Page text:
Pics or It Didn’t Happen

Lots of good comments on this week’s ET Brief, “Burn. It. Down.“, and it reinforce

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  1. Since I comment regularly (probably too much for most people’s taste) and don’t say, “I thought that before you said it” often (most of the time, I don’t even understand it the first time Ben or Rusty says it), it won’t seem made up here, but I’ve been thinking for some time that Team Elite has to destroy the credibility of picture and video evidence as you can already feel that starting to happen with some trial-balloon articles I’ve read (but don’t remember where).

    Oddly, IMO, it was the Al Franken picture that deeply alerted Team Elite to the risks and need to destroy picture and video evidence. While he made my skin crawl before that pic surfaced, he was toast once it did. It appears he was considered a rising liberal star, so his demise really anger the left which - once the left saw the damage it did - took a lot of steam out of the doing-very-good-work MeToo movement.

    Sorry if this is partisan, but I believe it’s accurate - too many important liberals where being brought down by MeToo (and photos) for the left to let it go on. I’m sure Trump and others on the right taking body blows from MeToo and pics were and will be happy to play along, but the catalyst was when MeToo started gunning down important liberals.

    Ben, I hope you’re right about DLT’s capabilities to stop Team Elite from undermining picture and video evidence because, otherwise, we will have lost, what is possibly, the last tool for preventing Team Elite’s complete ascendancy and permanency as “our betters.”

  2. You can root for Sergeant Slaughter, you can root for the Iron Sheik. Either way your money is going in Vince McMahon’s pocket. Vince knows how lucrative a rivalry can be and does what he can to keep it healthy.
    Similar to the “existential crisis” maneuver, a pundit’s announcement of some kind of “tipping point” is often a red flag that you’re being sold something.

  3. I am not sold on anything crypto yet, maybe a future version but not the illusion we see currently that is nothing but libertarian fantasy…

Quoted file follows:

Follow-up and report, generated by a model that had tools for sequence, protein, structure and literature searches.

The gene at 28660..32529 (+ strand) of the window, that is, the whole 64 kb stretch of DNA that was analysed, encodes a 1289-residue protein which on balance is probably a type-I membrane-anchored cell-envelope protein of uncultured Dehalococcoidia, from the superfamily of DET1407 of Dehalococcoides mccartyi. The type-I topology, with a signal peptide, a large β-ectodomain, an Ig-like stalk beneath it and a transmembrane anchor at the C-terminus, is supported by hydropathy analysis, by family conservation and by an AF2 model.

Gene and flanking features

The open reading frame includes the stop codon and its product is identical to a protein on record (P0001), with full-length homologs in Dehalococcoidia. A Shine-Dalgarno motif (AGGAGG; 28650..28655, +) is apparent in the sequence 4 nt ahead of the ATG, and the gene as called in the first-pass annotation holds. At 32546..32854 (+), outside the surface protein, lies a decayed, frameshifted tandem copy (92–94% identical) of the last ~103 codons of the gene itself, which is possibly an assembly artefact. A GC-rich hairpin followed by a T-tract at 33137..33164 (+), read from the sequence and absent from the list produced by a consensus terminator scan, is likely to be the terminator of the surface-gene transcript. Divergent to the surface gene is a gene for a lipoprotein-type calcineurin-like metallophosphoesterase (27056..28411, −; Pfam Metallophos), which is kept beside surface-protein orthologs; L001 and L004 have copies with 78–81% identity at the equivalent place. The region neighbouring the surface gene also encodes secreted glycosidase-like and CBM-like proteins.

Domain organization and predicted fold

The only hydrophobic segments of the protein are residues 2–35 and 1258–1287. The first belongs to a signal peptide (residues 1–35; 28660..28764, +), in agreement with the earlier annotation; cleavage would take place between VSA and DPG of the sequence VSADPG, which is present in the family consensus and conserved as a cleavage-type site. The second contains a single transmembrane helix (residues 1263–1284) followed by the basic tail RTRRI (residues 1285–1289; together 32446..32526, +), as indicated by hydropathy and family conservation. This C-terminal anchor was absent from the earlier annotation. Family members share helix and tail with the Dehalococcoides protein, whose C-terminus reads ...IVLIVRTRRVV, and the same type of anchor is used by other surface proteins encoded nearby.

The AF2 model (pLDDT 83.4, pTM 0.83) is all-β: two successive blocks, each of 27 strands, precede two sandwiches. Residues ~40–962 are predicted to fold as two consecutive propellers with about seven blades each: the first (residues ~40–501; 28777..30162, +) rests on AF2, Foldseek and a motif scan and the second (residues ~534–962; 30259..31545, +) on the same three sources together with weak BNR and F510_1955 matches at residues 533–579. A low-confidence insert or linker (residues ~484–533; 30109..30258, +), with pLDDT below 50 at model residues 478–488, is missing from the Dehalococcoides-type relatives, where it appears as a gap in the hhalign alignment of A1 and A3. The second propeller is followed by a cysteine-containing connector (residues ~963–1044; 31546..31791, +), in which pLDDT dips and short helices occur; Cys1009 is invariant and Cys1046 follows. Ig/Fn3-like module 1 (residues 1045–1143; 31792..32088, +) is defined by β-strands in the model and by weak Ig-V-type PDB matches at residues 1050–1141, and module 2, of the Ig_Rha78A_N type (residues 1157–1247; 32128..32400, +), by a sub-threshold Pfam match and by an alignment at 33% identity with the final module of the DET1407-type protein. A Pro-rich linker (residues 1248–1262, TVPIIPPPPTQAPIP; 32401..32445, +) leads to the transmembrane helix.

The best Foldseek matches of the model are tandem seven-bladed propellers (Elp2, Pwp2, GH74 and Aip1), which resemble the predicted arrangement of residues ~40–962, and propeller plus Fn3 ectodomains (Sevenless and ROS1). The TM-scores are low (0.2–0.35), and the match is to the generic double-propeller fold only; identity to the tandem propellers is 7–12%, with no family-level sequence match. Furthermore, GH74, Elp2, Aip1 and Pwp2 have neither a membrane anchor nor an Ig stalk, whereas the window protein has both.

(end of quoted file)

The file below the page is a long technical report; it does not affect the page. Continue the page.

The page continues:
Vargas: Should you have jurisdiction of cryptocurrency?
    Powel: “That’s a deep question (struggling). We’re not seeking it.”
    Vargas: “But should you?”
    Powell: “I’m not going to say ‘yes’ today. We’re not looking to… you know, it’s right in the middle of the SEC’s turf, the investor protection aspects of it, I think Treasury and Fincen (Financial Crimes Enforcement Network) and other people have… I think it should be well-regulated, but I don’t see us as the right group to do that.”

    I still think that cryptocurrencies are more like a religion or a cult than a rational economic phenomenon. They are a lousy investment.
    I still await my enlightenment. —Jon Danielsson

    Taking our data back is an initiative in the right direction but…Unfortunately, in a relatively hierarchical, stratified society, which ours still is (there aren’t that many chairs for senior executives) that means a majority of the population is being shoved around quite a lot.

    Maybe the first step in societies evolution is a new algorithm of thinking…Algorithmic complexity cannot be computed for most objects, but it can be approximated to, say, study gene regulatory networks. Recent work suggests that researchers might improve genetic algorithms by biasing evolution in favor of changed that lower their algorithmic complexity. “Algorithms to Live By - Computer Science of Human Decisions” by Brian Cristian and Tom Griffiths

  4. I get the distributed ledger stuff, it moves us in the right direction…from a recent podcast I listened to. It might help get people in the right frame of mind.

    Dan Smith, “but poker players call it ‘leveling.’ Level one is ‘I know.’ Two is ‘you know that I know.’ Three, ‘I know that you know that I know.’ There are situations where it just comes up where you are like, ‘Wow, this is a really silly spot to bluff but if he knows that it is a silly spot to bluff then he won’t call me and that’s where it’s the clever spot to bluff.’

    A dominant strategy is the best one no matter what your opponent does.

    Asking someone what they want to do, or giving them lots of options, sounds nice, but it usually isn’t. It usually transfers a burden, from you to them. Don’t transfer burdens. Give them simple options where most of the work is already done.

    People are almost always confronting what computer science regards as the hard cases. Up against such hard cases, effective algorithms make assumptions, show a bias toward simpler solutions, trade off the costs of error against the costs of delay, and take chances. These aren’t the concessions we make when we can’t be rational. They’re what being rational means.

    Multiple COA’s is Optimum, Two is one and One is None! Two is one and one is none’ doesn’t just mean get two things. It means have at least two ways to perform a certain function, which when combined, will expand your capabilities beyond what having one will do.